Protecting Rights at the Canadian Border
In practice, privacy and constitutional issues may arise upon entry to Canada when border officers ask travellers to unlock their electronic devices for scrutiny.
The Canada Border Services Agency (subsequently referred to as “the agency”) is allowed to examine goods for customs purposes per paragraph 99(1)(a) of the Customs Act (R.S.C., 1985, c. 1 (2nd Supp.)). For the time being, the agency interprets the term “goods” to include digital devices and media. Even though a threshold for grounds to inspect devices is not determined, the current policy does not authorize routine examinations.
Additionally, subsection 139(1) of the Immigration and Refugee Protection Act (S.C. 2001, c. 27) permits officers to search travellers and their belongings in regards to admissibility issues. Consequently, officers may scrutinize “personal effects” when reasonable grounds give rise to believe that an individual did not declare their true identity or has hidden relevant documents; or has carried out or will perpetrate people smuggling, human trafficking or document fraud.
The agency’s enforcement manual (ENF 20) titled "Detention” defines reasonable grounds as to believe “a set of facts and circumstances that would convince a normally prudent and informed person. They are not mere suspicions. The opinion must have an objective basis.” Many cases involve possession or trafficking of drugs, human smuggling, and child pornography; a tendency that has become apparent in the jurisprudence of the Canadian courts.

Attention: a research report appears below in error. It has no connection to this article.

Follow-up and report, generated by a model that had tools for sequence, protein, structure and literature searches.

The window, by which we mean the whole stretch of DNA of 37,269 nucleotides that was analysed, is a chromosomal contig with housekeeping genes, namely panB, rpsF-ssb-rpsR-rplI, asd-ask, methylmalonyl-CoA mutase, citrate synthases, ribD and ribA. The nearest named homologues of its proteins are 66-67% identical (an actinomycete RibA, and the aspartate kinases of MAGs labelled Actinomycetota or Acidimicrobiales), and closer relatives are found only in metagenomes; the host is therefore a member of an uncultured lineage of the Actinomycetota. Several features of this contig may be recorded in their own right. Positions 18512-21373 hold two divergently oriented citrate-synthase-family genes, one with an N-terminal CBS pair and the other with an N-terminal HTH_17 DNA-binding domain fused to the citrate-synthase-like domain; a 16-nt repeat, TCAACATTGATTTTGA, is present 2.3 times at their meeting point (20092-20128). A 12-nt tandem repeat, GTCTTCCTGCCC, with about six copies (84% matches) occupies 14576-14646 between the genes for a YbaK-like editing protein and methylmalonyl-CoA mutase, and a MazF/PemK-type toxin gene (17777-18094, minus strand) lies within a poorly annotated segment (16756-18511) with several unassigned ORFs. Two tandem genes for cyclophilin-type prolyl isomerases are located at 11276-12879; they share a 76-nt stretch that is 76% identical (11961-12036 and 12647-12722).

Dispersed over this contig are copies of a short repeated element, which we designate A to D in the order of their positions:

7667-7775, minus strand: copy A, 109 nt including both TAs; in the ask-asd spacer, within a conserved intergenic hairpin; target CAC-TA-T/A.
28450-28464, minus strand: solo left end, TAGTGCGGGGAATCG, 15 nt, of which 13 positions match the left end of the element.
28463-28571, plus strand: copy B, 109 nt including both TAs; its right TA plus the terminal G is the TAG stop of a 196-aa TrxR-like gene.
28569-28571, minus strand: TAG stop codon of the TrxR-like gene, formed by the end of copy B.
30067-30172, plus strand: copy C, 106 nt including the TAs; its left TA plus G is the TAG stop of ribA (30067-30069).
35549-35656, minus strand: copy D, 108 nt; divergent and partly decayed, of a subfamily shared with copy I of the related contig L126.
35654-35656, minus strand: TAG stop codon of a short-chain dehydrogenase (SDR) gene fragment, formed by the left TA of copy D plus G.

Currently, many jurists are waiting for the Supreme Court of Canada to rule on the right to be secure against unreasonable search or seizure as protected by section 8 of the The Constitution Act, 1982, being Schedule B to the Canada Act 1982 (UK), 1982, c 11, with impatience.
To date, laws on the search or seizure of electronic devices at the Canadian border remains unsettled. However, the agency’s policy is in harmony with the interpretation by lower courts, contrary to the portrayal of this controversy by the news media.
In R. v. Singh, 2019 ONCJ 453 (CanLII) [Singh], a search resulted in a seizure supporting criminal activity. In Singh, the Ontario Court of Justice held as follows:
 The operational bulletin issued for the purpose of providing guidance on a CBSA officer’s authority to examine digital devices or media at ports of entry, makes it clear that border officers must be cognizant of where their examination crosses over into the realm of a criminal investigation. If the officer was exercising his Customs Act search powers for the purpose of finding evidence to support the Customs Act charge of smuggling child pornography then Mr. Singh’s charter application fails.
 It is important and necessary that Border Security Officers have broad search powers. Their job is to secure our borders and keep our citizens and our country safe. People who seek entry into Canada must answer questions truthfully and they must provide information and evidence. As long as Border Officers act for Customs Act and/or IRPA purposes, they can conduct these searches without a warrant.
The Office of the Privacy Commissioner of Canada (OPC) summarized the state of the law on privacy and charter issues on December 17, 2018: